Additional Installation Instructions
Know your Wood and your Environment
For all this to work and work well, there are a few things you need to know before you start.
#1—Your wood specie and it’s reactivity during changes in the environment.
There are a lot of specie choices out there in the hardwood decking market and most of them are good. Ipe, Cumaru, Massandubra and the Garapa are the most common. All of these are good choices and they will per-form well if you know what the moisture content of your wood is and if you take your local environment into consideration when you install the product. All wood moves with moisture changes and it starts the day you install your deck, so you have to allow for this throughout your project.
#2—Is it green, air dried or kiln dried?
First thing you need to know is the moisture content of your decking. Ask your supplier if it is air dried or kiln dried. It is unlikely that it is green because it probably came over on a boat from somewhere and at least was out on the deck on drying sticks. This may be sold as air dried and the moisture content can vary widely! Air dried lumber can be anywhere from 15% to 45% moisture. There are no real standards. If your decking is air dried ask your supplier if they know what the moisture content is. Hopefully they can give you an idea. Most air dried decking is about 15% to 20% moisture. If it has been kiln dried it should be about 10% to 12% moisture for outside use. The reason you need to know this is so you can choose the correct spacing for your decking.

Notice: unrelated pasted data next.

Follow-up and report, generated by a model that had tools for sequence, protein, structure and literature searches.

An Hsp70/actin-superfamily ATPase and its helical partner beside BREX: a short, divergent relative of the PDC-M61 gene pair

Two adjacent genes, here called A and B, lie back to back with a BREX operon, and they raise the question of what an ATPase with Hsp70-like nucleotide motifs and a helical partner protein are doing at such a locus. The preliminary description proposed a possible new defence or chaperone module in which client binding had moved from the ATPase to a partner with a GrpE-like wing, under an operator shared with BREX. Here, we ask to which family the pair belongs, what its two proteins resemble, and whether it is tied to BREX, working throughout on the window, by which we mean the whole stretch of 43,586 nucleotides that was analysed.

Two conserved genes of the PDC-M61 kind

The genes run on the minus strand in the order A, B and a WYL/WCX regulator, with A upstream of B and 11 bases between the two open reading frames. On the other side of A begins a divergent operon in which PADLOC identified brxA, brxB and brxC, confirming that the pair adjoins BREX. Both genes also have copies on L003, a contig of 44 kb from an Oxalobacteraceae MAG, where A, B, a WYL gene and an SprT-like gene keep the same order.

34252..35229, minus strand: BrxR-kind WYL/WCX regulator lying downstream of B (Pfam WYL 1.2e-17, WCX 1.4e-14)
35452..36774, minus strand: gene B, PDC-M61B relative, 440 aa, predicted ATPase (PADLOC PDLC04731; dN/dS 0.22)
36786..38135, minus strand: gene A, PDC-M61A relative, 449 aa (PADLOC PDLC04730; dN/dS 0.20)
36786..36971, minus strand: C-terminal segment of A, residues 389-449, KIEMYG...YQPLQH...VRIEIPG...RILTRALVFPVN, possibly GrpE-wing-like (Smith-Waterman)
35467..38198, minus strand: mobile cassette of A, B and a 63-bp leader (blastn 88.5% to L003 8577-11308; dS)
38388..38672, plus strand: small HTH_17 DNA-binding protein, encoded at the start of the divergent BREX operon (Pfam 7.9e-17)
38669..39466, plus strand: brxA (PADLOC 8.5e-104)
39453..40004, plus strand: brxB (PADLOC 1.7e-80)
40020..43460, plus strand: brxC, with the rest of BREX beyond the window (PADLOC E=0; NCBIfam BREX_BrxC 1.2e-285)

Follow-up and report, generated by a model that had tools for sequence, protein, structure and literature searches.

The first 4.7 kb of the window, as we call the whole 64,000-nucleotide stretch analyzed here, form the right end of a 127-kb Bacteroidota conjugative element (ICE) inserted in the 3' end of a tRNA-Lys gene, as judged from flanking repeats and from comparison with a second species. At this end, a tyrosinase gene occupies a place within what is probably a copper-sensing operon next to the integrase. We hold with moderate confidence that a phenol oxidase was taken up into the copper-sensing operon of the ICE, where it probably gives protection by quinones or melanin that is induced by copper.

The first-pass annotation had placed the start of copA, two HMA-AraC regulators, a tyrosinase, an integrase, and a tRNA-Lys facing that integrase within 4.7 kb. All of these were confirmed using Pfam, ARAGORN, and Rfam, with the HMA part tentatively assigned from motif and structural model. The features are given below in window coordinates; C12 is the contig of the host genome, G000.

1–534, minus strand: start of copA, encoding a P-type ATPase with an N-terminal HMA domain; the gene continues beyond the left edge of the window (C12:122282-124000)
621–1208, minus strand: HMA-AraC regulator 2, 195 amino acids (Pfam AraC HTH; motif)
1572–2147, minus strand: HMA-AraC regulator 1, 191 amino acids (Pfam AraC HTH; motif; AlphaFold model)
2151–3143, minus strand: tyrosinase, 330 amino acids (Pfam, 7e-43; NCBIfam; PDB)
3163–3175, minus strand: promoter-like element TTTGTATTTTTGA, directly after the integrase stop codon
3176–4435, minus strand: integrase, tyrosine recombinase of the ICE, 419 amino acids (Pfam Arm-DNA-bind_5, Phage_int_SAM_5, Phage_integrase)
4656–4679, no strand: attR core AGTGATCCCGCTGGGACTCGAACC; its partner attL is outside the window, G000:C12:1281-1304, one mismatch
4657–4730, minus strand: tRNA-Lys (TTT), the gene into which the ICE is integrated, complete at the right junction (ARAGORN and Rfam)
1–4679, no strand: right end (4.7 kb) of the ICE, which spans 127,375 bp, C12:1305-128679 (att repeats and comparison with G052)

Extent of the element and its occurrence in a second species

#3—Now that you know the moisture content you can choose your spacing.
If your decking is air dried and the moisture content is above 20% you can just set the boards as close as the deck clips will allow, about 1/8 of an inch. If they do anything they will shrink a little bit and you will be fine. There will be enough room for the boards to move a little during normal seasonal changes in the moisture content of the wood. If your wood is kiln dried or it is below 12% moisture we recommend you space the board about 3/16 of an inch. Your boards may shrink a little but they may also grow a little during wetter periods. If your wood is very dry, 8 to 12% and you get periods of wet weather or wet snow you may have to space your boards as much as 1/4 inch apart. Cut a few scraps of wood at the spacing you need and use them as spacers for about 2 or 3 runs and move forward as you go.
#4—Last but not least—the variations in the species and your local environment.
Of the above woods, Ipe is the most stable followed closely by Cumaru. Massandubra will move the most in changes in moisture content but that does not mean it won’t work well you just have to allow for the slight in- crease in movement. If you are installing Massandubra in a very dry climate and the wood is very dry but you get periods of wet humid weather, you may want to install it with at least 1/4 inch of gap.
This information is provided as a guide only. For best results ask your lumber provider for explicit information about the particular specie you are purchasing